Returning to the movies: Alone in the dark with strangers
Why yes, we said in unison — as if there would be any doubt — we would like a splash of that magical butter flavoring on our popcorn.
We stood transfixed as the young purveyor of popcorn scooped a layer of fluffy goodness into a bag, then fired up the butter-flavoring gizmo to dispense a drizzle atop the puffed kernels.
Our jaws then dropped as he repeated the process — more popcorn … more butter … more magic — to fill the bag and our hearts with wonder.
I imagined that, yes, this must have been what it was like some 400,000 years ago as our homo erectus fore-bearers took control of fire to prepare a meal for the first time.
And yet, this marvel of modern wizardry (as delectable as it would soon be) was merely the appetizer for the main course.
We were about to see a movie. … In an actual movie theater. … For the first time in what seemed 400,000 years.
Trust me, when you decide the time has come once more to plunk yourself down in a comfy seat and share the illuminated darkness in the company of strangers, you will feel the same way.
Something was right with the world again. If only for a couple of hours on a weekday afternoon, when those lights go down and the Big Screen springs to life, the midsection of your mask will crinkle at the onset of a goofy grin.
The film in question was “The Courier” — which, I was disappointed to discover, was not about Howard “Bud” Kettler’s creation of the typographical font.
“A letter can be just an ordinary messenger,” Kettler once said of his creation, “or it can be the courier, which radiates dignity, prestige, and stability.”
The dignity, prestige and stability of “The Courier,” however, would be radiated by its star — the veddy British depiction of such qualities … Humperdinck Cummerbund.
As we settled into our reclining leather(ish) lounge chairs — which, when activated, emitted noises usually only heard a half-hour after a professional broccoli-eating contest — one of us was gleeful with anticipation at the thought of spending two hours in the dark with Humperdinck Cummerbund.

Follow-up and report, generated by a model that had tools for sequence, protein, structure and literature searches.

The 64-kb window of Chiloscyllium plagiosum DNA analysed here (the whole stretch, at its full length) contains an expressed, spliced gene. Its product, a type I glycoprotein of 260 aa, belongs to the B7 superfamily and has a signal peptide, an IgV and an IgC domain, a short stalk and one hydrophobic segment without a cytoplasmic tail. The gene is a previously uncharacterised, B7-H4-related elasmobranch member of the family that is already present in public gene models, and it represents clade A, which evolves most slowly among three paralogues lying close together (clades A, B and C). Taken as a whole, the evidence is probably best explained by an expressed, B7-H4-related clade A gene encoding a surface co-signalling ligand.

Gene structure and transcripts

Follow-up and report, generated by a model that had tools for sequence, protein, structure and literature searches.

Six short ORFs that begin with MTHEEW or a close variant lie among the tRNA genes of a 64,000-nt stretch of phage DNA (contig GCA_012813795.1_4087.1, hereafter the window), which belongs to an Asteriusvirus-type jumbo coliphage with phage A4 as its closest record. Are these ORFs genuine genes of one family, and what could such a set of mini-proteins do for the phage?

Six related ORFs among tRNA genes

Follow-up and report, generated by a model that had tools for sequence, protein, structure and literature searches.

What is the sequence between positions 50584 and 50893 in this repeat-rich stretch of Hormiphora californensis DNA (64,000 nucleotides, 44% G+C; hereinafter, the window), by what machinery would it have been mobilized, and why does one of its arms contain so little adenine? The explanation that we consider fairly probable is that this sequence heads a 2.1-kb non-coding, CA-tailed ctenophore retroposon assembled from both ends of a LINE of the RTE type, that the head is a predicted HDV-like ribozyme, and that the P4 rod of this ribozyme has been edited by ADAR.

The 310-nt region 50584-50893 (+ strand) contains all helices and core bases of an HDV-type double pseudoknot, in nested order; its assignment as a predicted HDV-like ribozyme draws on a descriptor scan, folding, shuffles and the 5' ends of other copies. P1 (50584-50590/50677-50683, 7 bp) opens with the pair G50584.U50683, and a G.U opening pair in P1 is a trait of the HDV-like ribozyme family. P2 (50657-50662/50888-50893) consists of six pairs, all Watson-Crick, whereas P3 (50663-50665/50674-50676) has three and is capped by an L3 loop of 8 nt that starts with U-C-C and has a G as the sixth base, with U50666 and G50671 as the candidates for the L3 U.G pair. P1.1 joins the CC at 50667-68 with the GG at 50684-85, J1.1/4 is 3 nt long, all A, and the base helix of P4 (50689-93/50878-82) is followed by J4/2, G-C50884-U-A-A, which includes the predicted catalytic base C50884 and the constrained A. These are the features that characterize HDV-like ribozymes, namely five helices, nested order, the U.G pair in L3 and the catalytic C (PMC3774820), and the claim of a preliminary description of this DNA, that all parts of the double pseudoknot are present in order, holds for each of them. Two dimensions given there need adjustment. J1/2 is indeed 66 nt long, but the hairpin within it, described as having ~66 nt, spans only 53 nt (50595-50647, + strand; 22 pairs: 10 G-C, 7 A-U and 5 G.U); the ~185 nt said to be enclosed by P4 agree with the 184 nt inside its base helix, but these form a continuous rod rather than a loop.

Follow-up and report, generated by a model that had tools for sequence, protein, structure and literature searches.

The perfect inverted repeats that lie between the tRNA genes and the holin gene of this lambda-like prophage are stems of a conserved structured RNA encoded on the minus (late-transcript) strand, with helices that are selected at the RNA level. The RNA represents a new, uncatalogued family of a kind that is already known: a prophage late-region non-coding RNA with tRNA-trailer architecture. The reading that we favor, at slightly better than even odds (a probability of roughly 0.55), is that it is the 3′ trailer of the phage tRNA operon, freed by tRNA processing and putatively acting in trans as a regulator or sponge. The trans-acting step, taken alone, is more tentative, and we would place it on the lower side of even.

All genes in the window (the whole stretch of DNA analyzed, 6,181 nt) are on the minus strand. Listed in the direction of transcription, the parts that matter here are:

That one, however, would not be me — who foolishly had believed that once her devotion to Remington Bond had faded, I was all the dignified, prestigious and stable presence she would need.
Humperdinck, with his beady eyes and stiff upper lip and Briitsh vocal lilt had ended that notion. I would have to be content with satisfying my jealousy by eating most of the popcorn.
But first, the trailers.
One (which had the sort of generic-sounding title indicating the level of creativity of those who made the film) was set in a generic Irish countryside — where a generic-looking movie star crossed paths with a generic ingenue, falling truly, madly, deeply in love while a cavalcade of generically quirky side characters offered cliche-ridden advice.
Another preview (for which, somehow, we were given both a trailer and an interview with its TV star leading man) focused on how much “thrilling action” (re: violence) would fill the screen, and how “proud” all involved were to bring this cinematic masterpiece to audiences wanting to escape the troubles of the real world by seeing people kill each other with far too many bullets as a musical score splashed with heavy metal flavoring bombarded our ears.